Support goes a long way in helping people loose the wright, words like “fat” are things that just go to add to jealously and the intimidation that one has for others that are trying…… Davey did a whole blog on this, you should check it out!

      Either way, cutting back on the sodium is just ONE step in the direction of a better and healthier life.

  3. just dont add too much salt coz all you need is just a pinch maybe a little less then a pinch if you are usign herbs but not too much of that either cause it can become over-powering and you wont be able to taste the goodness of the meats and veg.

    i like to taste the natural sweetness of veg, the crunchiness of carrots, the juices the flavours that come out.

    the natural meat taste the juices thetenderness.

    peace and love

  4. Having been diagnosed with genetic hypertension years ago (started in high school). I’ve been sodium aware for some time. And I totally agree with Larry M. Above canned soups are CRAZY, look for low sodium versions if you can find them, they still taste pretty good.

    I have used very little to no table salt for a long time, but that is one source of iodine which is a dietary necessity and why they added it to salt in the first place. I had to look a bit but found a few other natural sources of iodine online.

    Sea food, Asparagus, Garlic, Kelp, Lima beans, Mushrooms, Seaweed, Sesame seeds, Soybeans,Spinach, Summer squash, Swiss chard, Turnip greens

  5. However, don’t go overboard and cut sodium out of your diet 100%. It’s still a necessity in your diet.

    • This is true. The problem is that the amount of sodium in a normal diet can be ASTRONOMICALLY higher than normal. You shouldn’t cut ALL sodium out of your diet, just keep it under control.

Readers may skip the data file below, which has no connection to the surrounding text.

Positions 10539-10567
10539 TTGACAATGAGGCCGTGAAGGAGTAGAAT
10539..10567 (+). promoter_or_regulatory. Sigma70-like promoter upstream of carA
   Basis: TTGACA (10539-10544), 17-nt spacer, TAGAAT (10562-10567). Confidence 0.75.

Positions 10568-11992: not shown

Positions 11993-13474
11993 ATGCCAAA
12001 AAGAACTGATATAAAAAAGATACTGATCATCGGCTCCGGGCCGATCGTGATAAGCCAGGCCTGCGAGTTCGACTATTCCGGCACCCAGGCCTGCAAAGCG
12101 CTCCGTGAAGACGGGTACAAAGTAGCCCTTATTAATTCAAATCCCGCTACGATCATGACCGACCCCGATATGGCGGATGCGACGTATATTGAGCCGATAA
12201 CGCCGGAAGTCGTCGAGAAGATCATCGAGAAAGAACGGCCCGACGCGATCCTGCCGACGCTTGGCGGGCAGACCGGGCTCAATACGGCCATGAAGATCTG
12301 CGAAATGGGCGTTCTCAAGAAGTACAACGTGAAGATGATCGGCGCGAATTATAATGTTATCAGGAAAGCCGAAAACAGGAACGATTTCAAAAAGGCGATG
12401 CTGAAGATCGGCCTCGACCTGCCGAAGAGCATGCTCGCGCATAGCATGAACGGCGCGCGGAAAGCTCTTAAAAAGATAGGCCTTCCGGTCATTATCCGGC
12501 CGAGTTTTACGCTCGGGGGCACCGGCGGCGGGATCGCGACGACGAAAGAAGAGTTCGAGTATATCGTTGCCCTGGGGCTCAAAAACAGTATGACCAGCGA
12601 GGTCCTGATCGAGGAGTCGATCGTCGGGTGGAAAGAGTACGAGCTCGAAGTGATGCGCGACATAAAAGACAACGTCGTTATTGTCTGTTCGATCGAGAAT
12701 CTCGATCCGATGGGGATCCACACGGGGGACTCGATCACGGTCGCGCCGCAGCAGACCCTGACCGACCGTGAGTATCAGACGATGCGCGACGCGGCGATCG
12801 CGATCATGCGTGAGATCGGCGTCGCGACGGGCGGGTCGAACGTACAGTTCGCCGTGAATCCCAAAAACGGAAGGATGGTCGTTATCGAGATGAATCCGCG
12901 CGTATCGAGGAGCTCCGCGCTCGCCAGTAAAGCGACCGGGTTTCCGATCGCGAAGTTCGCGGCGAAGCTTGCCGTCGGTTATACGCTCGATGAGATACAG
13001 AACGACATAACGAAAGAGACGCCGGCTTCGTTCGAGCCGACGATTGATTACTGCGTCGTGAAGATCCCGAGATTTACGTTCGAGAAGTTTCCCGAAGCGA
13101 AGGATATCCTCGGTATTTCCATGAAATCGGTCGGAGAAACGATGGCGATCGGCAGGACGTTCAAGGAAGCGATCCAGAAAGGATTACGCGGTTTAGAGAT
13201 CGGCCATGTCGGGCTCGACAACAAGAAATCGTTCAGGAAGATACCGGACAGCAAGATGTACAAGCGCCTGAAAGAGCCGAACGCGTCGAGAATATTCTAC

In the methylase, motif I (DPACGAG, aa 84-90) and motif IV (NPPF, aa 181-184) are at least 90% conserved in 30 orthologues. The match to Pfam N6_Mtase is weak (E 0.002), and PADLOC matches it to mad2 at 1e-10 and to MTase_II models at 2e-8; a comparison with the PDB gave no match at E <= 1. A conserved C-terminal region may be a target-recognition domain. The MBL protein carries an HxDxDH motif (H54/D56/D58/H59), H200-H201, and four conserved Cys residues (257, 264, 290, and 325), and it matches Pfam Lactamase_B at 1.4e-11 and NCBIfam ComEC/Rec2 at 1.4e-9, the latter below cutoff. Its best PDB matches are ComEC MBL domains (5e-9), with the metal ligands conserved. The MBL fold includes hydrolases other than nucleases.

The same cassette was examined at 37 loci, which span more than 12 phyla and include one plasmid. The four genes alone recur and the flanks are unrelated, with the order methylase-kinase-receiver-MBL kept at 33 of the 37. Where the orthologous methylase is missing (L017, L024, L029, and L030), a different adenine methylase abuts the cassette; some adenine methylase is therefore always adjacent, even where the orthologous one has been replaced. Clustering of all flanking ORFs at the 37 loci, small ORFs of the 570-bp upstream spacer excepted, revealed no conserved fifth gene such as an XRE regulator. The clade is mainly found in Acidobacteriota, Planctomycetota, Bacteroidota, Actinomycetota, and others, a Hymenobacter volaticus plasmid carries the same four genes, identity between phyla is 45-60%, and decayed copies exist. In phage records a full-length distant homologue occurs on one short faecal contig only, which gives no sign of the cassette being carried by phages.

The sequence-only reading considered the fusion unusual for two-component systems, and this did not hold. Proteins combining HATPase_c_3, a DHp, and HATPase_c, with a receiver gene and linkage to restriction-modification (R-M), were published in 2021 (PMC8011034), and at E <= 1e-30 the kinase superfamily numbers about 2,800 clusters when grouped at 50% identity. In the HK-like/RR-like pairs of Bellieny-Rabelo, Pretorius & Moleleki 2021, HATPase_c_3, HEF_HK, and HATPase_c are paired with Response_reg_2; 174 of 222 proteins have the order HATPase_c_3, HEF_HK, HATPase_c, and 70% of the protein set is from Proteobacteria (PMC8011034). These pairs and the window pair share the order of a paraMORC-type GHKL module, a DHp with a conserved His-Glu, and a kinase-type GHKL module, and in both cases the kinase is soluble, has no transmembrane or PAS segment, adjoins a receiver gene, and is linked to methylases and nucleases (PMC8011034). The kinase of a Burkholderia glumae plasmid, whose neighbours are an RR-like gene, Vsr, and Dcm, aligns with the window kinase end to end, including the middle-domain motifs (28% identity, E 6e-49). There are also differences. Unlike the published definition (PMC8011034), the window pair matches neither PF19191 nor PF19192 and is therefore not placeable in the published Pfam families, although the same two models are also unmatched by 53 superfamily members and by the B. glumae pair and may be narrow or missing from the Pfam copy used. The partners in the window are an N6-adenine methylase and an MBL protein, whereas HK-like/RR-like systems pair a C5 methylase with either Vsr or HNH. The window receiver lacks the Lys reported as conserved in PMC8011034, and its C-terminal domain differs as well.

The easiest way to control sodium is to make all your own food from scratch, avoid heavily processed foods, and read labels.

  6. Hi Davey. Growing up, my dad had high blood pressure(most of it caused by me)so mom cooked without salt,used lots of spices and garlic.You do not miss what you never had!Today,I use a lot of MRS. Dash,Love it I also keep sea salt on hand for the few times it is needed, mostly by friends and company. Do you know ketchup is about 50% sugar. Stevia has receipe for ketchup and many other great things, even brownies,Great web page.Any other ideas guys and gals?—— Glenn

  7. DW,

    Great post! Your bf is right. I’ve had to keep a low sodium diet for many years now after being diagnosed with Meniere’s Disease (vertigo and hearing loss exacerbated by sodium). It is not easy. The charts on the back of most packaged foods help a lot, but one really needs to pay attention.

    In addition to Larry M’s excellent comments, be sure to watch out for some surprising types of food that one might not think contain a lot of sodium, such as:
    — breakfast cereal: some can be quite high in sodium. Those with lower sodium are often also high in fiber (shredded wheat, bran flakes, museli, etc.) … double good for you!
    — breads: again, there can be tremendous variation between types of breads and bakery brands. Almost all breads have charts on the wrapping listing sodium content.
    — cheese: most cheeses are pretty high in sodium.
    — canned fish, such as tuna and salmon
    — cold cuts: sliced turkey, ham, etc. can be loaded with sodium. Even the “low sodium” versions can still contain a tremendous amount of salt. Ask your deli to see the food nutrient table on the package. It’s often better to make a sandwich with fresh turkey or sliced grilled chicken.

    When reading the charts on prepared food, be careful to look at the portion size. You may wind up eating more than the single serving described.

    Eating out is tough for the reasons mentioned above, but fresh items such as salads, fresh fruits, and steamed vegetables are usually good choices, and good for you, too. As I’ve had to minimize my sodium intake, I’ve also found I eat much healthier!

  8. I have to say that eating whole foods is the best way to get the sodium content you need. I think salting food stimulates the body (in a bad way because it is trying to get rid of it (just like caffeine).